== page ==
In her International Competition title The Unknown Athenians, Angeliki Antoniou roams the streets of Athens in the company of the city’s stray dogs.
Before making her feature-length doc The Unknown Athenians, which took seven years to complete, director Angeliki Antoniou was, she says, more of a dog liker than lover. This was a conscious decision. She had previously given her heart to a pooch when she lived in Thessaloniki, but it died after a vet prescribed the wrong medication for a skin complaint and she vowed never to invest such high degrees of affection again.
Her decision to make her canine documentary came after broadcast funding was pulled for a fiction feature she was looking to make. So later that day, she decided to walk off her disappointment on the streets of Athens and came across a strange scene. She had always subliminally been aware of the city’s stray dog situation, something that most other European cities don’t tolerate in the same way, but when she saw a man pull up on a motorbike, only to be surrounded by a pack of friendly mutts, her curiosity was piqued. He fed them all from a bagful of carefully prepared cooked meats, before leaving on his bike.
That man was named Achilles and when she saw him again she asked if she could follow him and record what he did, but in an unobtrusive way.
The film follows Achilles and others, such as the kindly Nicos and the homeless Spiros, as well as a jolly pharmacist and the generous owner of a stylish city centre restaurant, all of whom maintain caring and active relationships with the stray dogs.
And then there are the legions of dogs themselves, such as Betty who is always threatening to get run over, the flirtatious Fotoula, the ancient Legend who is described as “140 in human years”, the magnificent and muscular Constantine, the docile Aris who is impounded after an owner accused him of biting her own dog, and lazy Sweetie who lies all day long outside the lavish Grande Bretagne hotel, doted on by guests and staff alike. (The doorman explains how one day Sweetie simply chose the hotel steps as her residence, and that was that.)
“The dogs. They have habits, they have rules, they have friendships,” explains director Antoniou of their appeal as subjects, and whose camera records events from their lowdown perspective. “There are people they prefer and people they don’t like. There are situations they prefer and situations they hate. For me they are inhabitants of Athens, citizens of Athens.”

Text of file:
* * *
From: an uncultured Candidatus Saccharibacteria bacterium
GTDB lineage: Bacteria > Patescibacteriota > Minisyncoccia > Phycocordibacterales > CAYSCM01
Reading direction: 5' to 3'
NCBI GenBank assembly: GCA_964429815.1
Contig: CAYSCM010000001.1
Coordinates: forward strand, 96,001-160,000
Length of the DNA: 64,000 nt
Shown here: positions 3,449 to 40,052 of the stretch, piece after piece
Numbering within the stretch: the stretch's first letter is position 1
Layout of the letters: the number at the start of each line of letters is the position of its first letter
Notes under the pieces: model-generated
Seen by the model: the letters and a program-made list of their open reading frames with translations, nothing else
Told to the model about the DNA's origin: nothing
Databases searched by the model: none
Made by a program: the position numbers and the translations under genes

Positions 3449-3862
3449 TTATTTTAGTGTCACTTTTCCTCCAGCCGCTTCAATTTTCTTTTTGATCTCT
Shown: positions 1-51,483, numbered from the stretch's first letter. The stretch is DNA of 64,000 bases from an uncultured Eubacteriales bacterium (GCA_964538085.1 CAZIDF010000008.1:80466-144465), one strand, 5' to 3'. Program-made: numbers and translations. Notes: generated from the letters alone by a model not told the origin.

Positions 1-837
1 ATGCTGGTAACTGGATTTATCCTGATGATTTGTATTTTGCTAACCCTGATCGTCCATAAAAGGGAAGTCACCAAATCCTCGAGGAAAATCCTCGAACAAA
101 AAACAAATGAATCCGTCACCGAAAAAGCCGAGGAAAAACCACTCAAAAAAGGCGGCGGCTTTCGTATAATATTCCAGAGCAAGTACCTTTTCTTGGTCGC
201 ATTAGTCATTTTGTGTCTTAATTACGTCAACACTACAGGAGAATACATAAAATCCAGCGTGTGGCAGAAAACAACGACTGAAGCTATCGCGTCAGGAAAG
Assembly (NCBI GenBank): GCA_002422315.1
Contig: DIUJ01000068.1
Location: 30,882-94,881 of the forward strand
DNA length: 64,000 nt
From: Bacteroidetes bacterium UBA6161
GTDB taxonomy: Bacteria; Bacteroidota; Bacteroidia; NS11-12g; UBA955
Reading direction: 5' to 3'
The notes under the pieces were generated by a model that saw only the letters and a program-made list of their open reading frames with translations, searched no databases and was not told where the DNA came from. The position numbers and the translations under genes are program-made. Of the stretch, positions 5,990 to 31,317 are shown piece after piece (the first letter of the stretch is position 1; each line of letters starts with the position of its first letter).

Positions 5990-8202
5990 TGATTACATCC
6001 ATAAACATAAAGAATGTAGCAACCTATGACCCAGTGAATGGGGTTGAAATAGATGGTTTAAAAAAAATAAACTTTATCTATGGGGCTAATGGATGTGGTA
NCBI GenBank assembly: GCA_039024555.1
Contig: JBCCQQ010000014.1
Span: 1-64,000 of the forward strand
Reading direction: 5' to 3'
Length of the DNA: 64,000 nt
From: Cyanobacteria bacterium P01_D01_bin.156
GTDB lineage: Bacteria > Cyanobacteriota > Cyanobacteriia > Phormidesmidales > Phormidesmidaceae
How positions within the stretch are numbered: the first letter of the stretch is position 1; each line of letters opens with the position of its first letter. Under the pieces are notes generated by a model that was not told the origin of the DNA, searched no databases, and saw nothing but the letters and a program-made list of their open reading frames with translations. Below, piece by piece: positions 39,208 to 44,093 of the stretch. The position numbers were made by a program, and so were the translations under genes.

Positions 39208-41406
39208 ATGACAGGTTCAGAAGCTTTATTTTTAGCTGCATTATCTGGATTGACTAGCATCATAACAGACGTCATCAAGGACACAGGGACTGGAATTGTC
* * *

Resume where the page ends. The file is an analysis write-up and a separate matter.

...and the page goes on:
She quotes Confucius, claiming how humankind does not differ so much from animals, but that, for most people, this small area of difference takes on a greater, and considerably more negative, significance than it should.
Antoniou also points how the numbers of strays on the streets of the Greek capital increased vastly after the financial crisis when people couldn’t afford to keep them anymore. There followed a municipal policy of tagging the stray dogs, and they are both vaccinated and sterilized. (Which explains why during Covid-19 lockdown, it isn’t so much dogs who are reclaiming the streets as the millions of cats who operate with fully functioning reproductive organs.) That said, Antoniou fears that the inevitable economic downturn during and after coronavirus will mean many more dogs will be put on the streets again.
After seven years of following the canine tribe through Athens, it was inevitable that Antoniou’s resistance would be worn down. “I go and feed them myself now and I have developed a love for them again. I think of them as people that don’t have a home, and are dependent on others.
“And now I walk the streets of Athens with newly opened eyes. In the past I was walking mechanically… Now every corner of Athens has a significance for me. Now I see the city from the point of view of the dogs.”